In general, adjudicative competence (fitness to stand trial) is the requirement that criminal defendants have a factual and rational appreciation of what is happening in court, as well as the ability to assist their attorneys in their defense. These requirements could be compromised by psychiatric conditions such as psychosis or mania, or by limitations in cognitive functioning.
In its evaluations of adjudicative competence, North Star Mental Health, LLC, examines the criteria laid out in the Dusky ruling and by Minnesota Rule 20.01. Other pertinent features of competence (e.g. plea bargaining) are similarly examined.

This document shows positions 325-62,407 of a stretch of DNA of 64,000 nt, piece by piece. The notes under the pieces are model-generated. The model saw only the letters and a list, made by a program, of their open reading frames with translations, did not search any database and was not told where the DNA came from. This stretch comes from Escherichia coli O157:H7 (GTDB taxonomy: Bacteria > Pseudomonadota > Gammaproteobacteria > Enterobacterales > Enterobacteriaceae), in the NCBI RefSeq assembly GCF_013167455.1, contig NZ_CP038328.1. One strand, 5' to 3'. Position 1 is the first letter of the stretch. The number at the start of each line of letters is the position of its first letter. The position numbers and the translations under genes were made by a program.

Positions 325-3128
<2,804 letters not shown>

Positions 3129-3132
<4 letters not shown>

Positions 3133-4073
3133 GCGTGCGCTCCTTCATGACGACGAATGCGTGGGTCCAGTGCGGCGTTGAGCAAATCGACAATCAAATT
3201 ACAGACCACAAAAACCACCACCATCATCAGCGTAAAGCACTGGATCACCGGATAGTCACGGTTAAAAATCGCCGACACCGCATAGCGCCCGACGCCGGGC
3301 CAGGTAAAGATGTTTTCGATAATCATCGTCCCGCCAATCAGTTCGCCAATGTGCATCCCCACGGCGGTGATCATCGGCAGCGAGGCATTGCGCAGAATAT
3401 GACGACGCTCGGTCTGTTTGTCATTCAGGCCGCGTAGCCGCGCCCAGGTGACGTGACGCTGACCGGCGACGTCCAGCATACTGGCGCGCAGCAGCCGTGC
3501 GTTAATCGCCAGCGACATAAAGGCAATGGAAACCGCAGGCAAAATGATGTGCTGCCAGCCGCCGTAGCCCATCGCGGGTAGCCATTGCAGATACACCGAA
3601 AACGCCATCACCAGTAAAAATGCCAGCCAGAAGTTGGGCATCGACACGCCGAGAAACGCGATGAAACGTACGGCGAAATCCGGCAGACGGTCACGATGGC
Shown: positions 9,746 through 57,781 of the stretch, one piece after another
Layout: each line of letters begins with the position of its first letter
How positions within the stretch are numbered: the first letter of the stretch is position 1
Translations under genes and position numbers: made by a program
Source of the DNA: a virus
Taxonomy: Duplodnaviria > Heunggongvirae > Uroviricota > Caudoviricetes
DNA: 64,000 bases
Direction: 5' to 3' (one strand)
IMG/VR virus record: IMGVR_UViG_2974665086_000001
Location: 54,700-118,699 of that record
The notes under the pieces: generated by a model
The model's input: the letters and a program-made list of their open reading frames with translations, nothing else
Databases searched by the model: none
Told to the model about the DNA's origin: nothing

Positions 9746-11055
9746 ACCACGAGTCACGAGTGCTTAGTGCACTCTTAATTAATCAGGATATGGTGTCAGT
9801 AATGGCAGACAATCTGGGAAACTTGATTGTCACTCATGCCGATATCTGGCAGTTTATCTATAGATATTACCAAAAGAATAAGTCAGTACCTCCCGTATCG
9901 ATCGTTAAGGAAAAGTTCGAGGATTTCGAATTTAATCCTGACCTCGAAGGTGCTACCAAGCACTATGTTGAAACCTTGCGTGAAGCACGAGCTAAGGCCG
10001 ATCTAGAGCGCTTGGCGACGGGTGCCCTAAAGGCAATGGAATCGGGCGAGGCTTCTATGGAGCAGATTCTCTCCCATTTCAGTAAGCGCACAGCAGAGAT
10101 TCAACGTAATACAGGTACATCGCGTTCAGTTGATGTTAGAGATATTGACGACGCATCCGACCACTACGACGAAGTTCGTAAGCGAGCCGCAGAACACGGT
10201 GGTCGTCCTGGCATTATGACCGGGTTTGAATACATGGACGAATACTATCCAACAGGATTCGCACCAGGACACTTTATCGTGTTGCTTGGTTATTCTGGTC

In addition to a gathering thorough psychosocial and psychiatric history during our evaluations, we administer standardized empirical psychological instruments to help improve the quality and accuracy of our findings and recommendations to the court. These validated instruments have been held to meet both the Frye and Daubert standards.
Disclaimer: The information on this page is not intended to serve as legal information or advice. It is not a guarantee of how a specific evaluation will or should be conducted, as each evaluation is unique and requires an individual approach.
Adjudicative Competence in Minneapolis Adjudicative Competence in Minneapolis